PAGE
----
Athens, Greece (Urotoday.com) Neoadjuvant chemotherapy (NAC) in bladder cancer has been proven to improve overall survival in patients with muscle-invasive bladder cancer (MIBC) over 15 years ago1. Accurate preoperative prediction of pathological T0 could perhaps spare cystectomy in a significant portion of patients2. NAC compared to TURBT alone has shown a significant advantage with a higher percentage of patients reaching pT0 (30% vs. 12%). Patients reaching Pt0 following NAC have significantly better survival curves than those not reaching Pt0, perhaps enabling them to keep their bladder and not undergo radical cystectomy.
However, the absence of tumor on repeat transurethral resection of bladder tumor does not predict final pathological T0 stage in bladder cancer patients treated with radical cystectomy, i.e. clinical T0 does not equal pathological T03.
Next, Dr. Stratton discussed whether improvements in clinical evaluation provide a better assessment of response to NAC. In the AUA meeting in 2018 a study was presented where the authors used cystoscopy to systematically evaluate the bladder prior to radical cystectomy and performed targeted and systematic biopsies and then compared the results to the pathology of the final specimen derived from radical cystectomy4. A total of 35 patients underwent radical cystectomy with 60% of them receiving NAC. The systematic evaluation with cystoscopy and biopsy before radical cystectomy predicted pT0 in 18 patients, but the actual pT0 was found in only 11 patients, showing negative predictive value (NPV) of 55.6%.
Another question raised by Dr. Stratton was whether chemotherapy response biomarkers improve the identification of patients with clinical T0 disease following NAC. A study evaluating DNA repair genes predicted response to NAC in muscle-invasive bladder cancer. The response to NAC in this study compared to gene alterations, with DNA-repair associated genes appearing to predict response and clinical benefit after NAC5.
There is a phase 2 trial (RETAIN BLADDER) which includes risk enabled therapy after initiating NAC (Figure 2). The primary endpoint is metastases free survival (MFS) at 2 years. In this trial, following TURBT and NAC, patients who have cT0 will undergo active surveillance.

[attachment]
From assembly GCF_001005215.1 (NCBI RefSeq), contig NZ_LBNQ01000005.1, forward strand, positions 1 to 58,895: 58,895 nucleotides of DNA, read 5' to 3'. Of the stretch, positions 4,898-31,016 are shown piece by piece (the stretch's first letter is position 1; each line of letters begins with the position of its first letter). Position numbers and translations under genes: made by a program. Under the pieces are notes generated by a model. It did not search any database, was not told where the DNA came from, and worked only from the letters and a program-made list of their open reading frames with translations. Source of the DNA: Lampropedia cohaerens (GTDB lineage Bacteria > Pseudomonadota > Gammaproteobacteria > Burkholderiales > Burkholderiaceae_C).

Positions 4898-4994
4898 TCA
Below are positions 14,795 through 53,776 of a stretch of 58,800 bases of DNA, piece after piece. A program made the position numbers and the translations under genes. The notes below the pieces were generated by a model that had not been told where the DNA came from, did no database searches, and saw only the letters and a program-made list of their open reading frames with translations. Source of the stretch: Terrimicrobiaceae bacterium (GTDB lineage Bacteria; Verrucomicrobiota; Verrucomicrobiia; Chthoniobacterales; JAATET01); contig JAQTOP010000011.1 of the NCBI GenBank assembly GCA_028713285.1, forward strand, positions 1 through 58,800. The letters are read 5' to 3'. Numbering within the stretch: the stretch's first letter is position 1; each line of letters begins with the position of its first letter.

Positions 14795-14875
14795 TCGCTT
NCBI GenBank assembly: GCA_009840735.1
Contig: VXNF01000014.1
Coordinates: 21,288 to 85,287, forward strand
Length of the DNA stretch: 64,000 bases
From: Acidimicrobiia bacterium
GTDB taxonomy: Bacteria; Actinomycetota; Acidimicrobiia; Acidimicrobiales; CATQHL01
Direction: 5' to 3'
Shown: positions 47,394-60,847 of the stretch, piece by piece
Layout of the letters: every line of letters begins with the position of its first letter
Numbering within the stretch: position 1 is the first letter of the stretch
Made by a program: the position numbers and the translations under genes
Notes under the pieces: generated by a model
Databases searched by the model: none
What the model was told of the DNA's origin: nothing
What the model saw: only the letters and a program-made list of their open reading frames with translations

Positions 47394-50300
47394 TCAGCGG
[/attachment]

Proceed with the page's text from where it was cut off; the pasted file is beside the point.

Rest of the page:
Figure 2 – RETAIN BLADDER trial design:
Another ongoing phase 2 trial is the A031701 which is a phase II study of dose-dense gemcitabine and cisplatin in patients with MIBC with bladder preservation for those whose tumors harbor deleterious DNA damage response (DDR) gene alterations (Figure 3).
Figure 3 – A031701 trial design:
In conclusion, NAC and quality surgery work synergistically. Data show that bladder preservation may be an option for select patients. Importantly, a complete response does not equal cure, and clinical T0 does not equal pathological T0. Lastly, biomarker-based approaches to bladder preservation may overcome the current challenges of patient selection.
- Grossman HB, Natale RB, Tangen CM, et al. Neoadjuvant Chemotherapy plus Cystectomy Compared with Cystectomy Alone for Locally Advanced Bladder Cancer. New England Journal of Medicine 2003; 349(9): 859-66.
- Lavery HJ, Stensland KD, Niegisch G, Albers P, Droller MJ. Pathological T0 Following Radical Cystectomy with or without Neoadjuvant Chemotherapy: A Useful Surrogate. Journal of Urology 2014; 191(4): 898-906.
- Kukreja JB, Porten S, Golla V, et al. Absence of Tumor on Repeat Transurethral Resection of Bladder Tumor Does Not Predict Final Pathologic T0 Stage in Bladder Cancer Treated with Radical Cystectomy. European Urology Focus 2018; 4(5): 720-4.
- Parker D, Asghar A, O'Neill J, et al. LBA5 INITIAL RESULTS OF A PROSPECTIVE COHORT STUDY EVALUATING RELIABILITY OF ENDOSCOPIC EVALUATION IN PREDICTING PT0 DISEASE AT THE TIME OF RADICAL CYSTECTOMY: WHERE AND HOW DOES CYSTOSCOPY FALL SHORT? Journal of Urology 2018; 199(4S): e578-e9.
- Plimack ER, Dunbrack RL, Brennan TA, et al. Defects in DNA Repair Genes Predict Response to Neoadjuvant Cisplatin-based Chemotherapy in Muscle-invasive Bladder Cancer. Eur Urol 2015; 68(6): 959-67.
Written by: Hanan Goldberg, MD, Urology Department, SUNY Upstate Medical University, Syracuse, New York, USA, Twitter: @GoldbergHanan at the 39th Congress of the Société Internationale d'Urologie, SIU 2019, #SIUWorld #SIU2019, October 17-20, 2019, Athens, Greece